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Exploring The Relationship Multiverse

Exploring The Relationship Multiverse

In her debut genre-bending book, Vancouver-based author Myriam Lacroix takes us on a rollercoaster ride through various realities as she explores how the love story between her two characters works out…

By Stephan Petar

Relationships are entry points into a multiverse. When we’re in one, our minds create endless possibilities of how they could blossom and grow. When we end them, the nagging question of “what could have been” haunts us and takes us through worlds of “what if’s” in the hope we can pinpoint a reality in which that relationship works out. 

“I think we’re trying to protect ourselves from being hurt and trying to convince ourselves that there is a pot of gold at the end of the love rainbow that is going to save us from ourselves,” says author Myriam Lacroix (she/her) about why we may create these possibilities. 

The “what if” is what the Montreal-born author explores in How It Works Out. Her first book has been described as “delightfully bizarre” by Canadian music duo Tegan and Sara (who make a cameo in the book) and “a breathtaking and inspiring debut” by author George Saunders. 

How it Works Out is a relationship multiverse in which each chapter offers an alternate outcome to a relationship, beginning with the dreamier, happily-ever-after outcomes of early relationships and eventually growing to become more complex and less rose-tinted,” Lacroix told IN Magazine.

Readers visit eight alternate realities centred around the relationship of Myriam and Allison. The pair fall in love at a show in a run-down punk house, which is the catalyst for a series of imaginative hypotheticals where their relationship unfolds. What if they found a baby? What if they became celesbians (celebrity lesbians) after releasing a book titled How it Works Out? What if the cure to Myriam’s depression was cannibalism? What if there was a CEO and employee power dynamic? 

Started over a decade ago as a series of microfictions, the book is presented in the exact order each story was written, with the exception of “Mantis.” Lacroix describes the arc as being shaped organically, in line with a relationship she had and the different emotions she experienced within it. “It was me processing all of my expectations and understanding of myself as it progressed.”

How it Works Out puts a version of Myriam at the centre of the book and, in some cases, portrays her as a villain. It was an experience that Lacroix enjoyed – she felt it connected her with her audience and allowed her to reflect. “I felt vulnerable to put myself in the centre of my art. I felt it was taking away some of the distance between the writer and reader, and that felt important to me.… There are definitely some reflections on self-perception and self-interpretation by the end of the book.”

Beyond tapping into herself and her experiences, Lacroix explored the Vancouver arts and culture scene for inspiration, which included watching some “theatrical, over-the-top, concept wrestling” courtesy of the League of Lady Wrestlers.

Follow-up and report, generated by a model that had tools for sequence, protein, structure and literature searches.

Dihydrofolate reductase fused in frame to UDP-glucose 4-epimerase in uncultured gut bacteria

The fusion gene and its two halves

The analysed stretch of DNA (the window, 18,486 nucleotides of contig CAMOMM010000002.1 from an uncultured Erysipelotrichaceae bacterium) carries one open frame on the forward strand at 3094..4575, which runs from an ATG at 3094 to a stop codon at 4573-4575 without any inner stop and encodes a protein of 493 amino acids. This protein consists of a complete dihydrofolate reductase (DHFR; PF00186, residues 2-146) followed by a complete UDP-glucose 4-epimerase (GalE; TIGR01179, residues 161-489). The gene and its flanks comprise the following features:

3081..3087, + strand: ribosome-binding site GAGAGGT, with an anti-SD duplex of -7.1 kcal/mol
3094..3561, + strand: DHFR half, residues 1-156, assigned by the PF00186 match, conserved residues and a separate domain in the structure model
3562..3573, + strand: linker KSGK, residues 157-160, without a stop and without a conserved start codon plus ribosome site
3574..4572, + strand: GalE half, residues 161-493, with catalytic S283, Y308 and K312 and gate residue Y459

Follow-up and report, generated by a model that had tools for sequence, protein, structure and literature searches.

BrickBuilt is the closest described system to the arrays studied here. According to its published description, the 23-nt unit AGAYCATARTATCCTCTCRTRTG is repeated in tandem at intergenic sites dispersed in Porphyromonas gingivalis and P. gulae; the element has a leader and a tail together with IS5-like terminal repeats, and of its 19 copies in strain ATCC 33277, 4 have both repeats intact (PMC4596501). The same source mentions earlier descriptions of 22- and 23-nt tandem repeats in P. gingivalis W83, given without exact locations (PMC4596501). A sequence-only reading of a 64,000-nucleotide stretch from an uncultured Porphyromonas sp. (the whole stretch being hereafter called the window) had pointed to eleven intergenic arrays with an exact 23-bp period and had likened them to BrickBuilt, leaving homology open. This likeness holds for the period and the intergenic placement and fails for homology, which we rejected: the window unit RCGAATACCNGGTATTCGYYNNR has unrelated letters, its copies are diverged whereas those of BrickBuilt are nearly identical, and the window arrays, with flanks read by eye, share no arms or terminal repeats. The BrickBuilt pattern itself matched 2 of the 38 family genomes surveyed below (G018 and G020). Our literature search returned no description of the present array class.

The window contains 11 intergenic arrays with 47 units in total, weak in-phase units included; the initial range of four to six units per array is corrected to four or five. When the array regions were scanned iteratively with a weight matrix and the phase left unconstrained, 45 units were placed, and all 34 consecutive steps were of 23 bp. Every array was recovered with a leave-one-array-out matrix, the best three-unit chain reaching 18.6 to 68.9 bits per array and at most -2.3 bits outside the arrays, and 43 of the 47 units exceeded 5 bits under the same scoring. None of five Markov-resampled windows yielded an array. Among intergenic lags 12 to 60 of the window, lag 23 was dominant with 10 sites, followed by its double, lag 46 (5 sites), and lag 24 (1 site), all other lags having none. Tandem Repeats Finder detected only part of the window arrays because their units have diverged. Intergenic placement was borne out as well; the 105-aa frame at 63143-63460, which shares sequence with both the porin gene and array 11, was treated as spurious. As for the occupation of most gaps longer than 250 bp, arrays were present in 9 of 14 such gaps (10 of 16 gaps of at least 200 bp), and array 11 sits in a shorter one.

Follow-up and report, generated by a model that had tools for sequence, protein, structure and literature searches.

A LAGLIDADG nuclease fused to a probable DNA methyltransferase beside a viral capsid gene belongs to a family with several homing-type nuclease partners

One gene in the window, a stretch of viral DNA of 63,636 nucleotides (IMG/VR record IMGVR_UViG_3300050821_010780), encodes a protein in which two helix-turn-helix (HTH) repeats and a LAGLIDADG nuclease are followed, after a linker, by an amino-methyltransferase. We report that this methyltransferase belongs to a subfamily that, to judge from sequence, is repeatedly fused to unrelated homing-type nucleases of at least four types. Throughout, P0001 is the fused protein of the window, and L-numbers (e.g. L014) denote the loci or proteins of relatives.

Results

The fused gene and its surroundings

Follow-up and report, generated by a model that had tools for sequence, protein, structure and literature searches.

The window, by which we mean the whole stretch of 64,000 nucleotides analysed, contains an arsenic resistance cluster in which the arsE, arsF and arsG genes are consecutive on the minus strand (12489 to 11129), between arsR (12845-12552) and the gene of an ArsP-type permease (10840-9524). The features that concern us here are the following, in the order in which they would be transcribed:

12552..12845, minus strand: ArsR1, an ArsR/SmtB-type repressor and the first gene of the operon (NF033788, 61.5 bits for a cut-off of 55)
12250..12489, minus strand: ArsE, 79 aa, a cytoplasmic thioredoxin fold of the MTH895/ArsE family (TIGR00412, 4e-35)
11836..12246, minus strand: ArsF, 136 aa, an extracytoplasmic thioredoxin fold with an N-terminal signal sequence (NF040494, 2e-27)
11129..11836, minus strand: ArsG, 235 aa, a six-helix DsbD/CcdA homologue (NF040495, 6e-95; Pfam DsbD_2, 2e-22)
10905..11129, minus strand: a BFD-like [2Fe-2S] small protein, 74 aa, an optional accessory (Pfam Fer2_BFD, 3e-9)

The wrestling collective inspired a scene in the chapter “Anthropocene,” which she told IN was her favourite to write because of the research she conducted. Described as a “BDSM story about climate change guilt,” the story places Myriam in the role of a power-hungry CEO at an air-conditioning company, with Allison as her employee. 

“One of the most interesting things about ‘Anthropocene’ is that I didn’t want to write a post-apocalyptic climate change story. I was reading expert predictions on global warming and thought I would set it in the very near future,” Lacroix explained. “At the time I wrote it, everyone in my workshop was like, ‘This is in the near future where there are fires and people dying in heat waves…’ Now if you read it, it doesn’t sound like the future at all.”

While the narratives in each story may seem surreal and meta, at its heart the book is an expression of queerness, love and connection, with many emotional anchors readers can relate to – especially about the complexities of love. 

It also creates queer characters who are specific and multifaceted, showing that 2SLGBTQI+ individuals do not have a uniform narrative. “We have so many different stories. If I can write something very multidimensional, then I’ll have done my part.” 

How It Works Out is a tender, emotional and hysterical read. Lacroix is able to take real-life situations and feelings, and put an imaginative twist on them that showcases how love can truly take our minds down several paths. It illustrates how beautiful, weird, fragile and confusing our feelings for others can be. 

Some of us may be lucky enough to figure out how it works, and others may continue to dive into various worlds trying to find a reality in which it does – the latter being something I’ll admit to constantly doing.

How it Works Out by Myriam Lacroix (published by Doubleday Canada) is now out and can be purchased wherever books are sold. 


STEPHAN PETAR is a born and raised Torontonian, known for developing lifestyle, entertainment, travel, historical and 2SLGBTQI+ content. He enjoys wandering the streets of any destination he visits, where he’s guaranteed to discover something new or meet someone who will inspire his next story.

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